Rare May Morris curtains saved for Scotland
- National Museum of Scotland
- Published 23 July 2014
National Museums Scotland has bought a pair of rare embroidered hangings by May Morris with support from the Art Fund.
Worked by May Morris herself with her friend and patron Theodosia Middlemore, the pair of hangings follows an 1891 design created for May's father, William Morris. The design was originally devised for a set of bed curtains to hang in William's home at Kelmscott Manor â€“ embroidered at Morris & Co under May's supervision, the original hangings were completed shortly before William Morris's death in 1896, and remain at Kelmscott Manor today.
The hangings acquired by National Museums Scotland are a second pair, and were unrecorded until their sale at Christie's in 2013; they're the only other hangings known to have been created in the Kelmscott design. May created this second pair for Melsetter, a house owned by the Middlemore family on the island of Hoy in Orkney. May Morris visited Melsetter several times, and the pair of hangings she created for the house seem to be an entirely personal project, unrelated to her work as head of the Morris & Co embroidery workshop.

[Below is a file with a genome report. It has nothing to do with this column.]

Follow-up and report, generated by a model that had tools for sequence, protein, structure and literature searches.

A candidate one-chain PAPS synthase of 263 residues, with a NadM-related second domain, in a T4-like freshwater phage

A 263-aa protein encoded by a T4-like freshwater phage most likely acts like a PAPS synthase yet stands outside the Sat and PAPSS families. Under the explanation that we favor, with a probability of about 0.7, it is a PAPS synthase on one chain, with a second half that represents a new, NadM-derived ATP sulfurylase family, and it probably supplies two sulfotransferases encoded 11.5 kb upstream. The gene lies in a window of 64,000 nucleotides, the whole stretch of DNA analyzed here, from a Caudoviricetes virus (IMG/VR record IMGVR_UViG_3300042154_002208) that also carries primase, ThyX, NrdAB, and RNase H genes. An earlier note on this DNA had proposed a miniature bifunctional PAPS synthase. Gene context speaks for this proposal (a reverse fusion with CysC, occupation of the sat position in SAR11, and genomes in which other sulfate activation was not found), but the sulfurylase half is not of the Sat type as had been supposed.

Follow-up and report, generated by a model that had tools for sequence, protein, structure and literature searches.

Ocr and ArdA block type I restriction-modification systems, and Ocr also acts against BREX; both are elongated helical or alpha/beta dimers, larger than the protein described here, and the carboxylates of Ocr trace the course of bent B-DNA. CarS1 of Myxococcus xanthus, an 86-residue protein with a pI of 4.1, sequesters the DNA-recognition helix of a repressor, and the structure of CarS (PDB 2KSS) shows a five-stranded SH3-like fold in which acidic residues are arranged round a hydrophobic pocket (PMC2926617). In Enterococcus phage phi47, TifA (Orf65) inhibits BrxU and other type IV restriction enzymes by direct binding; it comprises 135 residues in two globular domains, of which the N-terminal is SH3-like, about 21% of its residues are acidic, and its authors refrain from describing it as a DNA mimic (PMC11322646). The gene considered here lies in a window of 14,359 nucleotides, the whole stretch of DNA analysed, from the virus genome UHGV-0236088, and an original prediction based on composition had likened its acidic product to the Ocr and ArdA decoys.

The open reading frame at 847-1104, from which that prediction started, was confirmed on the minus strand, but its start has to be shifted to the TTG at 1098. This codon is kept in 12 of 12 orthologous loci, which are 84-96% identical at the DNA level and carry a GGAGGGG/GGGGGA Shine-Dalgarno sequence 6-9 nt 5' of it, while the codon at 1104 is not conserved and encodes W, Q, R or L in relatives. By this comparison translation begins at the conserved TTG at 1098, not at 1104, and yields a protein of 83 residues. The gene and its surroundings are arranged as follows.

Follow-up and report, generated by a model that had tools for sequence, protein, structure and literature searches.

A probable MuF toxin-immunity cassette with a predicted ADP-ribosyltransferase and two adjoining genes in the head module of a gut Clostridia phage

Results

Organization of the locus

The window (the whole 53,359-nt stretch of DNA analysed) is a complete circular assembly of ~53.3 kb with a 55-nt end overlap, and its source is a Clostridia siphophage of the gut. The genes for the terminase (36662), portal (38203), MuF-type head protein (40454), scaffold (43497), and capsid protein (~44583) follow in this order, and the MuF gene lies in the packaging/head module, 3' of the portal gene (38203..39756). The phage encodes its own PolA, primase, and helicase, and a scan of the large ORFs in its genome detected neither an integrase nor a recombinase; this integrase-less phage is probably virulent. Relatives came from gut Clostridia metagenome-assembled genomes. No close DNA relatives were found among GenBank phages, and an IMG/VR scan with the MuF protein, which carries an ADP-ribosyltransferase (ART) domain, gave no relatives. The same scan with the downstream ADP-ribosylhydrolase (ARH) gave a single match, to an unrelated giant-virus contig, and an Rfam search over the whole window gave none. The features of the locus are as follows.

Stephen Deuchar, director of the Art Fund, said: 'Given their significance to the Arts & Crafts Movement in Scotland, we are delighted to support the National Museums Scotland in acquiring these works. Their inventive designs will beautifully animate the new permanent gallery spaces.'
The hangings were placed under an export bar following their sale at auction in 2013, and were successfully acquired for the national collections in June 2014. They will be displayed alongside Melsetter furniture in the National Museum of Scotland's 'Design for Living' gallery, a new display exploring the development of design between and 1850 and 1960, which will open to the public in 2016.